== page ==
And not only is he a registered Republican (though he says he thinks of himself as an independent), but one who clearly seems to have been as hawkish as anyone on the Dick Cheney-Donald Rumsfeld-Paul Wolfowitz axis. Keep that in mind as the White House spinball machine tries to reinvent him as a) a Clinton partisan, b) a disgruntled former employee or c) someone who “wasn’t in the loop.”
That last comes from Cheney. This absurd notion is debunked below, but before we get to that, let’s pretend Cheney moved his lips and the truth came out. If Clarke, who was the head of counterterrorism for National Security Adviser Condoleezza Rice, wasn’t in the loop on that subject, then this administration’s problems were even worse than Clarke says.
And furthermore …
Responding to my post yesterday, blogger Rod McCarvel writes:
Good post about Richard Clarke (and especially the summary of the WSJ article), but a couple of points demand a response:
"First Clarke. He has a book coming out today, so take that into account." This would be a salient point *if* Clarke had anything to do with timing of the release of his book. However, he submitted his manuscript to the White House three months ago (apparently, all former White House employees need to have their manuscripts vetted to assure the secrecy of classified information). Thus, the timing of its release was more a matter of White House control than of Clarke's control. Certainly, the “60 Minutes” interview was timed to coincide with the publication of "Against All Enemies," and it appears to be the case that his publisher *did* move up the publication date by a few weeks to coincide with his testimony before the 911 Commission, but any complaints from the White House about the publication date being chosen to maximize political impact during the campaign season ring false. They could have allowed it to be released much earlier, or assured that it was released later.
"He also was demoted by the Bushies (he had been Clinton’s anti-terror czar) and he gives off distinct vibes of being the kind of guy who really, really wouldn’t like being undercut. Take that into account, too." True, but it is perhaps not quite fair to infer an ulterior motive here. First, bear in mind that Clarke was not a Clinton protege -- he served under Reagan and Bush I, he claims to be a Republican, and he did serve for a substantial time under Bush II (if he was such a worthless hack, why did they retain him?). Also, despite Dick Cheney's whining on the Rush "Hillbilly Heroin" Limbaugh show about how Clarke had been reassigned to cyberterrorism duty, and so was "out of the loop," that reassignment occurred well *after* 911. During all relevant times, he was The Man with respect to counterterrorism.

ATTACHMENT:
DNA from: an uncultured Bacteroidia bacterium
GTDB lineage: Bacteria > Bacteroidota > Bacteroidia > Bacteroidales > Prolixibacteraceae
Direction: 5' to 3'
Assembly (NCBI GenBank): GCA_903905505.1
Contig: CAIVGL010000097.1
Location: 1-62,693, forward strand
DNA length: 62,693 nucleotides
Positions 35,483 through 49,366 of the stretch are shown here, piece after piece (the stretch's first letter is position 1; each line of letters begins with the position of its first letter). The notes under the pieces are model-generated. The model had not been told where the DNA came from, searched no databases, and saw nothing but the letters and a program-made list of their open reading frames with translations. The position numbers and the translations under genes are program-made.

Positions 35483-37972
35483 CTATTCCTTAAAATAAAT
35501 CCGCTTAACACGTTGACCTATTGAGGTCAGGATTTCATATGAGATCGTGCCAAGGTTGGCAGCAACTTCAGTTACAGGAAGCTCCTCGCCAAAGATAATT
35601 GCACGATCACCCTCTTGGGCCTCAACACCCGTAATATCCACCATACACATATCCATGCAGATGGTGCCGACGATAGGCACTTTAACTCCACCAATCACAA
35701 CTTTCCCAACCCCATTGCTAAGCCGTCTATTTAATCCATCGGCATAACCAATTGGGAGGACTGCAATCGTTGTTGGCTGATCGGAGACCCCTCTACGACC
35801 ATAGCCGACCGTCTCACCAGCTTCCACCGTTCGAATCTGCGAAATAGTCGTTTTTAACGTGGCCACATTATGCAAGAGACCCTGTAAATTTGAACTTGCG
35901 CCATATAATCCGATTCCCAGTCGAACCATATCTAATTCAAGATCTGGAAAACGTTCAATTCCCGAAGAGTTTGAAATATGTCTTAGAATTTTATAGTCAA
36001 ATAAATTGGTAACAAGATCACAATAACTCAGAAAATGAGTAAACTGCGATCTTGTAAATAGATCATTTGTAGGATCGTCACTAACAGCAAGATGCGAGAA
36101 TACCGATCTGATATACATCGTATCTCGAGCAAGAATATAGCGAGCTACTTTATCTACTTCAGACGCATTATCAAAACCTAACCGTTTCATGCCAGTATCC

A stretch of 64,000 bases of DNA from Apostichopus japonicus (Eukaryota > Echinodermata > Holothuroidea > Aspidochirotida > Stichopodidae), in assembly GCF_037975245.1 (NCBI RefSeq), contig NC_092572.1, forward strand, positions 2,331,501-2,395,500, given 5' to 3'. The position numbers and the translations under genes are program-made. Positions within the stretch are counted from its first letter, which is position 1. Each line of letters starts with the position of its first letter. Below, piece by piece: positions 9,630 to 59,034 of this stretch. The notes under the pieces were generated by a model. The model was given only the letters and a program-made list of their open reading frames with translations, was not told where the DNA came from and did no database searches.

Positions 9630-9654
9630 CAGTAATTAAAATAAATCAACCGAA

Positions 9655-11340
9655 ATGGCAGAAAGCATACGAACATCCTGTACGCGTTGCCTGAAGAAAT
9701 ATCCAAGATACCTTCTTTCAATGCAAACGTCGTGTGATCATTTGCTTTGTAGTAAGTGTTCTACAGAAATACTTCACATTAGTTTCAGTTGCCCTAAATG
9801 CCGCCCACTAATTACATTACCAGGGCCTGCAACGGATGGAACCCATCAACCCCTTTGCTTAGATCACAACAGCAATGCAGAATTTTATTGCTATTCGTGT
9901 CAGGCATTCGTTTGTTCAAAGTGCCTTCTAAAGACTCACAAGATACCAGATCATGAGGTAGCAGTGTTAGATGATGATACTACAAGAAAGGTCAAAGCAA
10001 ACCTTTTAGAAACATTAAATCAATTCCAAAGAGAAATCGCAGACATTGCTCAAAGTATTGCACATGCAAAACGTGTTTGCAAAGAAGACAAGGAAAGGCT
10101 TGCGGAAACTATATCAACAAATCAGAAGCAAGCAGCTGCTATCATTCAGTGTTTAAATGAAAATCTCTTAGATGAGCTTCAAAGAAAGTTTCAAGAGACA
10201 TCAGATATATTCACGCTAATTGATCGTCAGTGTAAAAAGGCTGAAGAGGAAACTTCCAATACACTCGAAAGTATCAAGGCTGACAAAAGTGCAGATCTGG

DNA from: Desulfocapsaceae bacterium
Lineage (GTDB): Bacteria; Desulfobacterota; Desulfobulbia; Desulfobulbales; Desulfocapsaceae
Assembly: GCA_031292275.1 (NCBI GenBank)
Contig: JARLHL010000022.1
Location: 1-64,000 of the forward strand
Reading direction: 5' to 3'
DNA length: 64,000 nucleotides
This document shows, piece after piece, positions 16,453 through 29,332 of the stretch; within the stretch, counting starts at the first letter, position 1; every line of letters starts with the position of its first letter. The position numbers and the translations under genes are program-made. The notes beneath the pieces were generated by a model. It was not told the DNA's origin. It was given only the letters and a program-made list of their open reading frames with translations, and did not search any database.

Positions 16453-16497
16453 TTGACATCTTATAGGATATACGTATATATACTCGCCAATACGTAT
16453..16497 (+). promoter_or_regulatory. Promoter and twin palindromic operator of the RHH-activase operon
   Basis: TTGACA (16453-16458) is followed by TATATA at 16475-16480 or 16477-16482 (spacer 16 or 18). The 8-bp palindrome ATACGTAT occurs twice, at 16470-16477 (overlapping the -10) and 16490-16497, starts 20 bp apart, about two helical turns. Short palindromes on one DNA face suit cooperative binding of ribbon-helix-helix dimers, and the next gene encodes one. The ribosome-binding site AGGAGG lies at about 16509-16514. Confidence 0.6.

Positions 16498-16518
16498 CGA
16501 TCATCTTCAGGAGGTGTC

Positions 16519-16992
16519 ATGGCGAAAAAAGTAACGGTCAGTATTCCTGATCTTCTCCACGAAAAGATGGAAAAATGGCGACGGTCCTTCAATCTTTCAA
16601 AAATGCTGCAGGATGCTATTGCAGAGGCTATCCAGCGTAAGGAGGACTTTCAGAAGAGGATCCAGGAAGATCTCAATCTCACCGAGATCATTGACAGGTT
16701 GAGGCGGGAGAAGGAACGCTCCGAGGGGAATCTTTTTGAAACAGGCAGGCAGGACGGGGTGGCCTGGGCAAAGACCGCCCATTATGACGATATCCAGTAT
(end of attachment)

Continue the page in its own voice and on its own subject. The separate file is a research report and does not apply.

Another point which deserves some attention -- Scott McClellan claims that the conversation between Clarke and the "president," which Clarke maintains occurred in the Situation Room on 9/12/01, could not have happened because Bush was never *in* the Situation Room on 9/12. Never mind that there are independent witnesses to the conversation (between 2 and 4 witnesses, according to different versions of the story); let's take McClellan at his word and assume that the "president" wasn't there on that day. Okay, then -- where was he? I mean after all, there was a "situation" underway, was there not? …
All good points.
At Talking Points Memo, Josh Marshall takes note of the administration’s attempt to demonstrate Clarke’s supposed Clintonista partisanship by pointing to his friendship with Rand Beers, another career bureaucrat (though a Democrat), who also worked for both Clinton and Bush and who also resigned a year or so ago.
“When you look at it, Beers' and Clarke's stories sound quite similar,” Marshall says.
“And the pattern suggests two possible theories.
“The first is that President Bush has the odd misfortune of repeatedly hiring Democratic party stooges for key counter-terrorism assignments who stab him in the back as soon as they leave his employ.
“The second is that anyone the president hires in a key counter-terrorism role who is not either a hidebound ideologue or a Bush loyalist gets so disgusted with the mismanagement and/or dishonesty that they eventually quit and then devote themselves to driving the president from office.
“Which sounds more likely?”
Read it all here.